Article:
Always carried by elegant ladies as they toured their rose arbours (and issued instructions to gardeners) the Sussex Trug is as distinctive a county asset as the Seven Sisters or Brighton Pavilion.
Used for centuries, trugs came to prominence when Queen Victoria visited the Great Exhibition in 1851 and ordered a consignment for the Royal Family. Trug inventor Thomas Smith of Herstmonceux walked from his home to Buckingham Palace with a wheelbarrow full of the baskets.
Today a book called ‘The Sussex Trug, Form, Function and Craft’ is being launched by author Sarah Page, who continues the Herstmonceux connection with her village workshop. The book costs £20 and can be ordered at: email@example.com.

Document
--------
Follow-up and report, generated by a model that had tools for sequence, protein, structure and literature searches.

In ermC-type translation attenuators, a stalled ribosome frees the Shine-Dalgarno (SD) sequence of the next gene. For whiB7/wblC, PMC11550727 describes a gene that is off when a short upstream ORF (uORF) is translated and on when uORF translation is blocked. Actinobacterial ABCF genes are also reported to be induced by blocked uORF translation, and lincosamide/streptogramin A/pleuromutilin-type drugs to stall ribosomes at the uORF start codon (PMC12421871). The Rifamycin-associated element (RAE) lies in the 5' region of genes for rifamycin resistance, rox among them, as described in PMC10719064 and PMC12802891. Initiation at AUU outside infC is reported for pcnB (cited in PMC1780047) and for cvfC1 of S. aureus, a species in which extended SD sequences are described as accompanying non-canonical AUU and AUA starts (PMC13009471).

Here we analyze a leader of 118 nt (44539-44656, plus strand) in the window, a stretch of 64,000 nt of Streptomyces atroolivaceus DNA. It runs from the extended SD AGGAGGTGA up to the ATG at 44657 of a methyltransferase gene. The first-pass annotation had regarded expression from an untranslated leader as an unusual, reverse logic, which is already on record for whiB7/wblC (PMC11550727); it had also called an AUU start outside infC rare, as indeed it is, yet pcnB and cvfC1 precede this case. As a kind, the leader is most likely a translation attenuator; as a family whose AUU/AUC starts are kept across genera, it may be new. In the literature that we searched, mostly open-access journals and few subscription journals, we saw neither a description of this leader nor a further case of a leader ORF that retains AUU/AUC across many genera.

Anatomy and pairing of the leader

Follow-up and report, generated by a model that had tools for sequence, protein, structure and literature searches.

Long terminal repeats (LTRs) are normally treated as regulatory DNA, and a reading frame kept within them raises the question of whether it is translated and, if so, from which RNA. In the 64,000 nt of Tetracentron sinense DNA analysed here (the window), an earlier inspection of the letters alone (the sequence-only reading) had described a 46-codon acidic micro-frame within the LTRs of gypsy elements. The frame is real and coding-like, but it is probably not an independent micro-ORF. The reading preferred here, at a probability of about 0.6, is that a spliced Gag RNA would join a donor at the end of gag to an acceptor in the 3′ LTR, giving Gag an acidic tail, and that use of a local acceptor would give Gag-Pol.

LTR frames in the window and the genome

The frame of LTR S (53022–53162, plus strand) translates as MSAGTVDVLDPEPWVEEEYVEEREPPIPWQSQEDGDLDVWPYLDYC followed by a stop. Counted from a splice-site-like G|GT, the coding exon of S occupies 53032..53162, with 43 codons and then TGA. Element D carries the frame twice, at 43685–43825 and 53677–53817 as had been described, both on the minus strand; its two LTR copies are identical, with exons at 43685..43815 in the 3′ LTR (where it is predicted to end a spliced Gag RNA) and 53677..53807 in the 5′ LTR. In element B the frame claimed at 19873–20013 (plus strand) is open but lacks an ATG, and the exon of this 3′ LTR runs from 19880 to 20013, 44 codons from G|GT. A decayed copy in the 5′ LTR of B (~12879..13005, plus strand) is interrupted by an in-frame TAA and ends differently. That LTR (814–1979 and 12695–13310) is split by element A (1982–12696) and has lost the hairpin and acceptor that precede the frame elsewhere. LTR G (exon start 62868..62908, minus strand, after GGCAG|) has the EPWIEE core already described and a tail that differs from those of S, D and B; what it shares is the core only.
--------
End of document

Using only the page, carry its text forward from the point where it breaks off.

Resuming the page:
For more than 20 years Sarah has continued to create trugs at The Truggery. A founder member of the Association of Sussex Trug Basket Makers, she hopes the book will bring a greater appreciation of what she describes as a declining craft.
Trug making has been established in Sussex for at least 200 years. The word is derived from ‘trog,’ Anglo Saxon for wooden vessel or boat-shaped article. Originally used as measures or scoops for grain or liquid, they are world renowned for strength, durability and usefulness.
Truggery trugs are hand-made in the traditional way using sweet chestnut and cricket bat willow.